May 08, 2017
It’s six o’clock on a Friday night and a couple dozen teenagers make their way into the gymnasium inside the Aspira Educational Campus, located in a building that Cardinal Dougherty High School once called home.
The sounds of basketballs echo off the walls as these 12- to 14-year-olds work on dribbling, shooting, defending and other intricacies of the game with a pair of volunteer coaches.
This is important work considering those players in La Liga del Barrio (LLDB) will head to Westfield, Indiana late next month to compete in USA Basketball’s Inaugural 14U National Tournament.
For many of these young men, the nearly 700-mile bus trip will mark the first time they’ve left the city. For most (if not all) of them, it will mark the first time they’ve competed against peers from across the country.
That’s why supporters of the league – with a name that translates to “The Neighborhood League” – continue to raise money to cover the trip for players in a league that, on a “shoestring budget” for the past 17 years, has focused on guiding youths who haven’t gotten very many breaks in life.
Since starting a GoFundMe effort to raise $10,000 in March, they’ve drawn a shade over $6,000 in donations.
That they raise enough to fully fund the trip means a lot to Esther Alvarez, the league organizer who works as a paralegal with Community Legal Services.
Sitting on the bleachers as the teams practiced on Friday night, she made it perfectly clear why.
“When people ask my husband Ray and I how many children we have, I always say we have 360,” she said, noting the number of youths who participate in the program. “We’re one big family here.”
The LLDB was founded in 2000 when then-City Councilman Angel Ortiz and a group of “Latino sports enthusiast and educators” met with representatives of the Philadelphia 76ers.
They hoped to tap into the pro team’s “passionate interest in reaching out to the Latino community (and) to engage young people from the inner city in an organized after-school activity.”
To this day, the Sixers still sponsor the league that, located in the heart of Philadelphia’s Latino community, consists of 32 teams (12 for girls and 20 for boys) and requires players to provide progress reports from school to ensure they can play.
While youth sports teams are plentiful across the city, this one’s unique in its Latino-youth basketball focus, organizers said.
After years of bouncing around from gym to gym – they were based out of Edison High for a while but couldn’t afford the $75/hour fee after the district cut back on sports program funding – they found their home at Aspira about five years back.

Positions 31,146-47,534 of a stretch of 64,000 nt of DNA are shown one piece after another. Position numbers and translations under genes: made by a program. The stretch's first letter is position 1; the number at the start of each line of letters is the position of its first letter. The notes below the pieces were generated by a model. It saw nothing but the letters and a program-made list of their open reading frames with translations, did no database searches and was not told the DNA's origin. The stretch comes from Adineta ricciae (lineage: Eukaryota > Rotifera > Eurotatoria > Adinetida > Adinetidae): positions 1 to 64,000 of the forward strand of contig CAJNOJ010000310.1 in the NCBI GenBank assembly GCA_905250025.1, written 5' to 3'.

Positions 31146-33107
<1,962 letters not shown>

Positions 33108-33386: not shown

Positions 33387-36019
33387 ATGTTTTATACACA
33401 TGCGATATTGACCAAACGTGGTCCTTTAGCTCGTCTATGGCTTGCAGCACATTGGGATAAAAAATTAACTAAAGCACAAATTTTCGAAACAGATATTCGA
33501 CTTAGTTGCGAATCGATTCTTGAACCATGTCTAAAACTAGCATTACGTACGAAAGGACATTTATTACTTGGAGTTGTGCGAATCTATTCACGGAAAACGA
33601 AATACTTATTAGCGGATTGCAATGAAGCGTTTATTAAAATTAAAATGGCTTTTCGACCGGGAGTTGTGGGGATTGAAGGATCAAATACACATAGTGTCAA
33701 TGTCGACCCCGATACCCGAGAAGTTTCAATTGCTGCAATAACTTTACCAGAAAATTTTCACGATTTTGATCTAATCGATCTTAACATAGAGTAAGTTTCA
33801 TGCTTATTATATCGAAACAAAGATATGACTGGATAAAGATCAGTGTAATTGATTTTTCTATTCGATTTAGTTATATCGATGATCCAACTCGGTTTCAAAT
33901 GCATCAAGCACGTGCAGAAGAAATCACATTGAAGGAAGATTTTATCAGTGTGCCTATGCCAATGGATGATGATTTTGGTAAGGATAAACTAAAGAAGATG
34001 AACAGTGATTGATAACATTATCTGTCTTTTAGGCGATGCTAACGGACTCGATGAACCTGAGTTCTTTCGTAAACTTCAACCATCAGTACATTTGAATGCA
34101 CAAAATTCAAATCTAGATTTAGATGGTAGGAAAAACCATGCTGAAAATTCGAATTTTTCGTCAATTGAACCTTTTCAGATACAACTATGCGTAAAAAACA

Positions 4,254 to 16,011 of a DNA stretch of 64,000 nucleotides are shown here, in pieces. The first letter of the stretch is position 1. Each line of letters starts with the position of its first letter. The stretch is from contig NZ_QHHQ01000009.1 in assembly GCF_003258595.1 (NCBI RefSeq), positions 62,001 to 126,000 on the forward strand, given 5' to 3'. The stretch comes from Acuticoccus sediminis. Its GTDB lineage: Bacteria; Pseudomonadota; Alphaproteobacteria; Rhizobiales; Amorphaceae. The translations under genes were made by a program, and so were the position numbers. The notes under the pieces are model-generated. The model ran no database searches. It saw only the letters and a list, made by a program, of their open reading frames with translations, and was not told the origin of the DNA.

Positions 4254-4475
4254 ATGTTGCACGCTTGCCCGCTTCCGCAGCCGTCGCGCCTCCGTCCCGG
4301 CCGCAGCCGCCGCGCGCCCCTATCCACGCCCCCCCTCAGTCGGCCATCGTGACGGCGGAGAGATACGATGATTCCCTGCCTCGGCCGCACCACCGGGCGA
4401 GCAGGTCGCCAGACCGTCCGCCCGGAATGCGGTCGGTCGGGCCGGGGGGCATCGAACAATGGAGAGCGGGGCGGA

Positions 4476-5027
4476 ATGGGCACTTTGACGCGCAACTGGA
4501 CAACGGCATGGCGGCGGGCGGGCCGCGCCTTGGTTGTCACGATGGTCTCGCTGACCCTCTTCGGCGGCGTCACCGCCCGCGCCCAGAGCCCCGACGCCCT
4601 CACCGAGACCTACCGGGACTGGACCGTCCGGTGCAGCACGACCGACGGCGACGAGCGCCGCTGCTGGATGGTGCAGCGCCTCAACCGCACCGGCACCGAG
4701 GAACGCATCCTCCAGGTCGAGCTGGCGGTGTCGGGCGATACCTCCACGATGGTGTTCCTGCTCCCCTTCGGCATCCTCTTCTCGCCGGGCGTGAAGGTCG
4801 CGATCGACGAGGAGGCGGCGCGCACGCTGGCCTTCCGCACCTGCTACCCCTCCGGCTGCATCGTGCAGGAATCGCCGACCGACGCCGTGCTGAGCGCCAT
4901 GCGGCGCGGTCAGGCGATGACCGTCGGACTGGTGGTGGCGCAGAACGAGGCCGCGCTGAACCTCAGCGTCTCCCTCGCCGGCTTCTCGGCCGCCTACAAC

Since it’s a developmental league, there are no tryouts. If a kid wants to play, the kid just has to show up and buy into the program, which they do from across the city, said Alvarez.
Speaking about the program’s successes, she noted that one player – Jose Ortiz – made it all the way to a professional basketball team in Mexico. (“He hated sports, hated school, when he started,” Alvarez recalled with a laugh.)
“Even if we don’t win a game in Indiana, we’ve already won.” – Michael Henry, volunteer coach with La Liga de Barrio
But here, it’s not about creating a pipeline to the pros. It’s about giving youths a positive outlet in their non-school hours, and providing structure for lives that sometimes lack it.
Tutoring is available, as is translation help for parents who – because they don’t speak English – can’t read the notices that their children bring home from school.
There’s no better example of LLDB’s positive impact than the story of Brian Morales, a 14-year-old student from the nearby Antonia Pantoja Charter School who’s been with the league for eight years now.
When he was six, he pulled one of the organizers aside and admitted he was having difficulty with his behavior, always being on the cusp of lashing out – with no father figure in his life at the time.
“Being here has helped me control my anxiety, control my anger,” he admitted.
Thanks to that grounding, he’s decided to take a huge step toward helping fund the trip: He’s trying to sell his Xbox 360.
“I wanted to sacrifice something to help my team get to Indiana,” he said on Friday.
Hearing things like that make all the personal sacrifices worthwhile for founders like the Alvarezes and volunteer coaches like Michael Henry, a prison guard who’s been involved for the past 14 years as his own children have played in LLDB.
“They’re not just boys on a basketball court. They’ve become a family,” Henry said of his players. “Even if we don’t win a game in Indiana, we’ve already won.”
Esther Alvarez feels the same way, that what LLDB does transcends mere game scores.
“When they’re playing here,” she said, “we know that they’re safe.”